EAGLE PASS, Texas - National Guard members carried a flag-draped stretcher up a boat ramp on Monday morning near Eagle Pass. State military personnel could also be seen saluting as the body of Guard Specialist Bishop Evans was carried from the Rio Grande.
Evans drowned last week while trying to save two migrants. In a statement issued by the National Guard, Adjutant General Maj Gen Tom Suelzer said in part: "We are devastated by the loss of a member of our Guard family."
It’s believed Evans is the seventh Texas National Guard member to die while deployed as part of Operation Lone Star.
Officials described Evans' death as heroic, but those words do not include death benefits for his family. It's a problem State Rep John Cyrier (R) Lockhart tried to address.
"We're putting these members in danger. And so, you know, that's what I was thinking. You know, again, this is just another point of them putting their lives on the line. It may not be overseas, it may not be in a firefight. It's still right here in our own state and these are dangerous missions that they're put on. And I'm afraid Guardsman Evans, this is just another reminder of that," said Cyrier.
The 22-year-old Army Specialist is from Arlington. He joined the Texas National Guard in May 2019. He is listed as a Field Artilleryman and was assigned to a Regiment based in New Braunfels. He has also had deployments to Kuwait and Iraq.
Despite all of that, family members are not eligible for federal death benefits. That’s because he died while deployed on Operation Lone Star, which is not a federal deployment, but one ordered by Governor Greg Abbott.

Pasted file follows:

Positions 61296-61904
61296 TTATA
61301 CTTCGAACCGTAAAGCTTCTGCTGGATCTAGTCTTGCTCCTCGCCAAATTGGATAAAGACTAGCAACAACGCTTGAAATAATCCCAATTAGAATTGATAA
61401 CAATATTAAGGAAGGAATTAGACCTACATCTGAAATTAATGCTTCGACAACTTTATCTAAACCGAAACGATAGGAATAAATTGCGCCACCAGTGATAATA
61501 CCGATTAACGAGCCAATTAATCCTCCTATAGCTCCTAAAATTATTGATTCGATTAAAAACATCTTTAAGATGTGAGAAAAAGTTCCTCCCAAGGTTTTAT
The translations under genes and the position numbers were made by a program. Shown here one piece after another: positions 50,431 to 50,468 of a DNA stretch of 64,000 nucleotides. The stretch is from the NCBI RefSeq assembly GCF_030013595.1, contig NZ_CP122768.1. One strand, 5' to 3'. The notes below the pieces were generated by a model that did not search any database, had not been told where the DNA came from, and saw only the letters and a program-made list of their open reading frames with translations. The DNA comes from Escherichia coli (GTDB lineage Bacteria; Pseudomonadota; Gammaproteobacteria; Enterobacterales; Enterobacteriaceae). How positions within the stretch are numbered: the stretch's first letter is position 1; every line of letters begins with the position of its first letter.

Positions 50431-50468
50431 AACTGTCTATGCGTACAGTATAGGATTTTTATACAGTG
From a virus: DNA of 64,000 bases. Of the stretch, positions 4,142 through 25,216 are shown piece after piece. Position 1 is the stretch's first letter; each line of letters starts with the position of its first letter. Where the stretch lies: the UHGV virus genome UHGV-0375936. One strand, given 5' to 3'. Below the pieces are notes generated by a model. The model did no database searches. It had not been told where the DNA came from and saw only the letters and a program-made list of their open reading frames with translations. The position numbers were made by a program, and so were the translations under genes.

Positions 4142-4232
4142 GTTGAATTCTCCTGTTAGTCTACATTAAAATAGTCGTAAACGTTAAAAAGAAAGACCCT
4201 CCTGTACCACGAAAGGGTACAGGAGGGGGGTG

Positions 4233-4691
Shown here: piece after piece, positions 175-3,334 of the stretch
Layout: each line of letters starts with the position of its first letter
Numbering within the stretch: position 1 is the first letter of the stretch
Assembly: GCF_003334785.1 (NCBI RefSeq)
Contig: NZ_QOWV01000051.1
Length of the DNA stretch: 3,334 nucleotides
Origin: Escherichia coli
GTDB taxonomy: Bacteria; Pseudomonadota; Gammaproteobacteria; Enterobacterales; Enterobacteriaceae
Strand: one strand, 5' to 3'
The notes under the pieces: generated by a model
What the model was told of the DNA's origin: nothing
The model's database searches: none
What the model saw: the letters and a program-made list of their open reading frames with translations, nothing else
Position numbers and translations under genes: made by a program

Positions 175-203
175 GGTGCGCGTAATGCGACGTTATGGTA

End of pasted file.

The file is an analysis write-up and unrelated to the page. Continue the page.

FOX 7 was told Service members’ Group Life Insurance (SGLI) still applies for guardsman on the border mission.
Jason Featherston, retired Command Sargent Major for the Texas Guard, said guard members are eligible for up to the maximum amount of $400,000. That amount is if the service member elected the coverage, but Featherston said it is true that the $100,000 death gratuity is not available because Evans was on SAD (State deployment) and not on Active Duty.
In 2019, Cyrier filed legislation to address the insurance coverage gap.
"And I remember in 2019 when I was up in front of the Appropriations Committee on it, a lot of a lot of people just assumed that they were already getting, you know, especially the National Guardsmen, were getting federal benefits from this and we're a little surprised with it," said Cyrier.
State troopers, who are deployed as part of Operation Lone Star, are covered by the state. Cyrier’s bill in 2019 failed and so did a second attempt in 2021.
"I just believe it's just with everything else going on because of the pandemic, it just got overlooked again," said Cyrier.
At the state Capitol Wednesday, the first step in trying again may take place. A hearing about the guard's border deployment will take place.
"I've already spoke with Chairman Richard Raymond, Defense and Veterans Affairs Chairman and about this issue, and they're quite aware of it. And he also gave me his word that he'll be authoring and pushing it next session," Cyrier.
That push will be done without Rep. Cyrier. He didn’t run for re-election and will not be under the Capitol Dome next year.